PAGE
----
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gorilla cheese

“That put everything on the back burner,” he said. After multiple rounds of treatment, he now appears to be cancer free, but will still be monitored regularly by doctors, he said.

“The real estate market has just exploded,” Smith said. “It has happened in various parts of the city, and now I guess it is happening on Ottawa Street.”
Smith said the rent had been sitting at $1,895 a month, and his new landlord was looking at hiking it $250 or more.

Gorilla Cheese, one of the vanguards of Hamilton’s food truck scene, is shutting down its storefront business on Ottawa Street North.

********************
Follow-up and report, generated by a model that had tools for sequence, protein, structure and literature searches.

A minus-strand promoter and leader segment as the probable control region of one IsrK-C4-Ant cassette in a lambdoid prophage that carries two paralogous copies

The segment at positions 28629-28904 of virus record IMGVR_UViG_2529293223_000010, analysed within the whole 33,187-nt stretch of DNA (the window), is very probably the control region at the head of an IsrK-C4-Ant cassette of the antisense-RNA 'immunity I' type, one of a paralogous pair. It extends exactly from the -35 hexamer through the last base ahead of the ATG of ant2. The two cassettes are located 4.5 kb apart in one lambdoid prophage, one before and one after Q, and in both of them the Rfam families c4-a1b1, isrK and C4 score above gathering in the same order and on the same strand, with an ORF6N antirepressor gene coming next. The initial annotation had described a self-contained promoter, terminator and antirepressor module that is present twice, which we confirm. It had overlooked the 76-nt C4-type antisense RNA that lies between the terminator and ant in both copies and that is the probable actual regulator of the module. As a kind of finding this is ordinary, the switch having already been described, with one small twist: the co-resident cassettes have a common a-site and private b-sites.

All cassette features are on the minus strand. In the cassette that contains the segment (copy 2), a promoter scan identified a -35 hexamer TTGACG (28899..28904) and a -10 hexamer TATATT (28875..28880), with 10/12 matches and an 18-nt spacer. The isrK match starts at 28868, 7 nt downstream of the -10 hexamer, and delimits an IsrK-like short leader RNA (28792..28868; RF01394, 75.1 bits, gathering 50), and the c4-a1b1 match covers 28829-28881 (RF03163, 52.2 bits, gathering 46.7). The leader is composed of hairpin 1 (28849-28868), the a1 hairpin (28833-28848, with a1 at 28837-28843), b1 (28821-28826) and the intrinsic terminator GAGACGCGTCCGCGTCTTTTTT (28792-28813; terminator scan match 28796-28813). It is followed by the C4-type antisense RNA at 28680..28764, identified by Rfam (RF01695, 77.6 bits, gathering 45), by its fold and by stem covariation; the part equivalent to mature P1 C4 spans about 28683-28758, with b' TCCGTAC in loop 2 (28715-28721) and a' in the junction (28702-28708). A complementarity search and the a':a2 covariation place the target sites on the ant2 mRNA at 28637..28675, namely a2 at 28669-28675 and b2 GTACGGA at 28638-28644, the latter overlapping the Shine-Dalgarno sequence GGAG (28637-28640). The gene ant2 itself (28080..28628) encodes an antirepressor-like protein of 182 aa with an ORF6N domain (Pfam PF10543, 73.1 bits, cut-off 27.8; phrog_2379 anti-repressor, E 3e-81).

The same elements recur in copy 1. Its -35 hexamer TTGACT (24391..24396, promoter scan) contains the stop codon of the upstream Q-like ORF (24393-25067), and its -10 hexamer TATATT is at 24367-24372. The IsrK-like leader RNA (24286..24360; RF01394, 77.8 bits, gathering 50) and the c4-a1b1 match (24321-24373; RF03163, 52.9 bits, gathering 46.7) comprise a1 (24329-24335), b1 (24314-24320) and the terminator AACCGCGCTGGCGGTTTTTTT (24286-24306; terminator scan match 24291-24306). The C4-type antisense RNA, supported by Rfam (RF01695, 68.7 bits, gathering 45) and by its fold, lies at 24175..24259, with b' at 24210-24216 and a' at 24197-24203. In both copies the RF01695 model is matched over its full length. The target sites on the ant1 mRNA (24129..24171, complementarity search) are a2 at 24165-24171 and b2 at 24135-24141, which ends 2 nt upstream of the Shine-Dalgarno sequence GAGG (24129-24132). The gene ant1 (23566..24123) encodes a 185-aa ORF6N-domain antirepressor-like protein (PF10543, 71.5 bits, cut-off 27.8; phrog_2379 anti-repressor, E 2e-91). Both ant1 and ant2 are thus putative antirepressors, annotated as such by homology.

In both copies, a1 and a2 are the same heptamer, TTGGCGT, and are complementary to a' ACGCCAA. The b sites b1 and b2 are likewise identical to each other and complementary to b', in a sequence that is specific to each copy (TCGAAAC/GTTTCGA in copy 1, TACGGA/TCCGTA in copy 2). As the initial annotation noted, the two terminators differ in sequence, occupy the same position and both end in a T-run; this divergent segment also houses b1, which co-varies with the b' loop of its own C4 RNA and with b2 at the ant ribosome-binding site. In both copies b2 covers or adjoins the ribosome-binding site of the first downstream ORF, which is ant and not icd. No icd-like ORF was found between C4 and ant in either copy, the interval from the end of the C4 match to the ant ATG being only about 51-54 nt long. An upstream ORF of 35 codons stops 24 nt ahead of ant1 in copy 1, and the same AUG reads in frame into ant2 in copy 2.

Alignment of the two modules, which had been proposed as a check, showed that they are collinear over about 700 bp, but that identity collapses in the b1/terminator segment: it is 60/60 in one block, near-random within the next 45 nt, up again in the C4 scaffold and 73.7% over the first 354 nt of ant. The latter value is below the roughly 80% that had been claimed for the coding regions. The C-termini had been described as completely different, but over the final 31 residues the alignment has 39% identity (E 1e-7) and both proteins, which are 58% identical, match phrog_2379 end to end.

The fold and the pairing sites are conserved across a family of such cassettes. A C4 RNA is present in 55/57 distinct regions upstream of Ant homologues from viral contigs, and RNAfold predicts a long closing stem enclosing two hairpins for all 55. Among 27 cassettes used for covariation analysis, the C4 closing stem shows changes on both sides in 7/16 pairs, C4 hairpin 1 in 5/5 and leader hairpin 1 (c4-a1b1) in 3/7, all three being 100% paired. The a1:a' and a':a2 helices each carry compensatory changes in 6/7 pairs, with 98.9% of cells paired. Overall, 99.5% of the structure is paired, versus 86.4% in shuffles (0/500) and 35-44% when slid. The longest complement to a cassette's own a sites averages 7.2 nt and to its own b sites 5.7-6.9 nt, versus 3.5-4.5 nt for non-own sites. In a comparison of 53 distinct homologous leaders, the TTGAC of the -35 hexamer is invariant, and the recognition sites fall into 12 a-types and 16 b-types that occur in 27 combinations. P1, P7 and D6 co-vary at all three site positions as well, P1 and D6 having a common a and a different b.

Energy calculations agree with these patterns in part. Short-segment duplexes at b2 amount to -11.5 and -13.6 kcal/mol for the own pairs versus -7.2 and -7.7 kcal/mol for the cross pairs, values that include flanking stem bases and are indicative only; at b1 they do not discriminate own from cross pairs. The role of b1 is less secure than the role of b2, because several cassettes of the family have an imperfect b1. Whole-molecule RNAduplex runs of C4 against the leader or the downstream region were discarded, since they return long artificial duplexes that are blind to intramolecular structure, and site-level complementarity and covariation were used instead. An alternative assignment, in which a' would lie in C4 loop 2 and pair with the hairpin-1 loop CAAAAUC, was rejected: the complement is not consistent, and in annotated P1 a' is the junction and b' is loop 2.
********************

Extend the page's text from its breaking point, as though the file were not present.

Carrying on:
In an interview with CBC News, Smith bemoaned that he had sunk thousands of dollars into the building he was renting in the form of upgrades — and those same upgrades helped increase the value of the building to the point that it wasn’t sustainable for Gorilla Cheese to be there anymore.
It sold yet again for $240,000 in 2011, and then again last August — this time for $530,000.
Owner Graeme Smith announced the news in a Facebook post on Wednesday, saying the company had been “gentrified out of [its] own business.”
Property records show that the value of the building at 131 Ottawa Street North has jumped in recent years. It sold in 2003 for $122,000, before selling again for $155,000 in 2007.

Things haven’t been easy for Smith, who was diagnosed with cancer in 2017, after a tumour was discovered on the back of his tongue.

Gorilla Cheese, one of the vanguards of Hamilton’s food truck scene, is shutting down its storefront business on Ottawa Street North.